East Midlands Ambulance Service Uses RFID to Track Equipment Quickly

The British emergency services provider has attached EPC Gen 2 UHF passive RFID tags to critical gear, and can now more easily verify what is onboard each vehicle, and when it was last serviced.
Published: July 2, 2014

The management of critical equipment aboard ambulances involves not only ensuring that each item intended to treat a patient is onboard when needed, but also providing scheduled maintenance and servicing to guarantee that if a piece of equipment is required during an emergency, it will function as expected. East Midlands Ambulance Service (EMAS) NHS Trust is tracking onboard equipment within its ambulances via an RFID solution known as CheckedOK Medical. The solution, provided by CoreRFID, consists of EPC Gen 2 ultrahigh-frequency (UHF) passive RFID tags applied to medical equipment (such as resuscitators, ventilators and monitoring devices), as well as handheld readers to capture the ID numbers encoded to those tags, and software residing on CoreRFID’s hosted server that stores data indicating which items are in which vehicle and when they were serviced.

EMAS, which operates its emergency vehicles in Derbyshire, Leicestershire, Rutland and Lincolnshire counties, employs 2,700 staff members and operates 450 vehicles. Each vehicle should be stocked with a specific set of tools and equipment for use in treating patients until they can be transported to a hospital. Prior to deploying the CheckedOK system to manage the thousands of assets that need to be stocked on those vehicles, EMAS maintained a file on its database listing each item. Personnel could search the database to identify which pieces of equipment should be on which vehicle, and learn about their history, as long as that data had been properly entered and updated, says Richard Needham, East Midlands Ambulance’s assistant head of fleet. Without the use of RFID, however, the company could not always ensure that every ambulance had the equipment it needed, even if the software indicated those items were onboard.

East Midlands Ambulance Service has attached Xerafy’s Titanium Metal Skin RFID labels to its equipment. The Titanium Metal Skin, made with Impinj’s Monza 5 chip, measures 1.77 inches by 0.22 inch by 0.03 inch.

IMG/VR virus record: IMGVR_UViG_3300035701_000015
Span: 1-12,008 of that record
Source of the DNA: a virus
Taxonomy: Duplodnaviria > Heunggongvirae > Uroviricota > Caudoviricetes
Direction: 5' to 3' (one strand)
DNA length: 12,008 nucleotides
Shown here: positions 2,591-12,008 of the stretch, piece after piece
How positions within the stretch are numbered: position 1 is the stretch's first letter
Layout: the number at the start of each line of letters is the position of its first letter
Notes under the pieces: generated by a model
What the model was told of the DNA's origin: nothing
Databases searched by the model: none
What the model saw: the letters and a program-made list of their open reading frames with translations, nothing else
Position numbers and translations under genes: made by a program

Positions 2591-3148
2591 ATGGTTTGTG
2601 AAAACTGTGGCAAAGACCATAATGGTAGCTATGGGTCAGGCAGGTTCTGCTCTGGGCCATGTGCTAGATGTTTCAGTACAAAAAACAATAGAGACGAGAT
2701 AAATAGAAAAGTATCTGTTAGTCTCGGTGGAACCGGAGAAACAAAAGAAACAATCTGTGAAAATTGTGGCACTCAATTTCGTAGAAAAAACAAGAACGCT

The company began working with CoreRFID last year to create a solution, says Adam Robinson, CoreRFID’s sales manager. CoreRFID had originally developed CheckedOK in 2011 for the construction, engineering and facilities management industries, and modified the system for EMAS, launching CheckedOK Medical in April 2013. CheckedOK Medical includes two types of passive EPC Gen 2 UHF tags, to accommodate the equipment’s different materials and form factors, as well as handheld readers. CoreRFID’s software manages the collected read data on its own hosted server.

According to Needham, East Midlands applied Confidex‘s Carrier Micro and Xerafy‘s Titanium Metal Skin RFID labels to such equipment as resuscitators, defibrillators and suction units, for a total of approximately 3,000 to 4,000 items.

Every month, all equipment is removed from each ambulance and cleaned, then is checked against the inventory listed in the database and returned to the same vehicle. If maintenance is due for a particular asset, that item could be replaced, or it could be serviced before being returned to the ambulance. Multiple vehicles are often emptied side by side, which could result in equipment being moved into the wrong ambulance.

With the CheckedOK system in place, East Midlands Ambulance’s staff use RFID to identify what is in each ambulance, updating the status of every item when needed. First, a user carrying an ATiD AB700 handheld reader enters the rear of a vehicle and inputs the vehicle’s ID in the reader software, which compares the list of interrogated tag IDs against the list of goods that should be in the vehicle. Any discrepancy is displayed on the handheld’s screen. Workers then have the option of searching for a missing piece of equipment or move that item to its rightful location.

If any asset is due for servicing or repair, that detail is also displayed on the handheld’s screen. Staff members can then either provide the required service or move the equipment to a servicing area, updating data on the system software in either scenario. After all of the equipment has been cleaned, the vehicle is reloaded and a final read indicates whether all items are present and properly serviced.

All collected RFID data is forwarded via a Wi-Fi connection to CoreRFID’s hosted server, where the CheckedOK software stores and displays that information for authorized EMAS management and its supporting staff in the office.

By viewing the software, East Midlands can be sure not only that nothing is missing on any ambulance, but also that any equipment that might be needed during a particular emergency call will be in good operational order.

“It’s working well at the moment,” Needham reports. “It gives us what we asked for.” The company has requested some tweaking of the software to provide greater functionality, he adds, and its latest hope is to begin viewing daily reports about the equipment and which pieces may require service.

Since being taken live about nine months ago, the system has enabled the firm to be sure it can provide the necessary services in the event of an emergency, while also reducing labor hours previously required to identify each item and check it against the database. While Needham says it is too early to measure the total benefits, he notes that it has already enabled missing items to be located.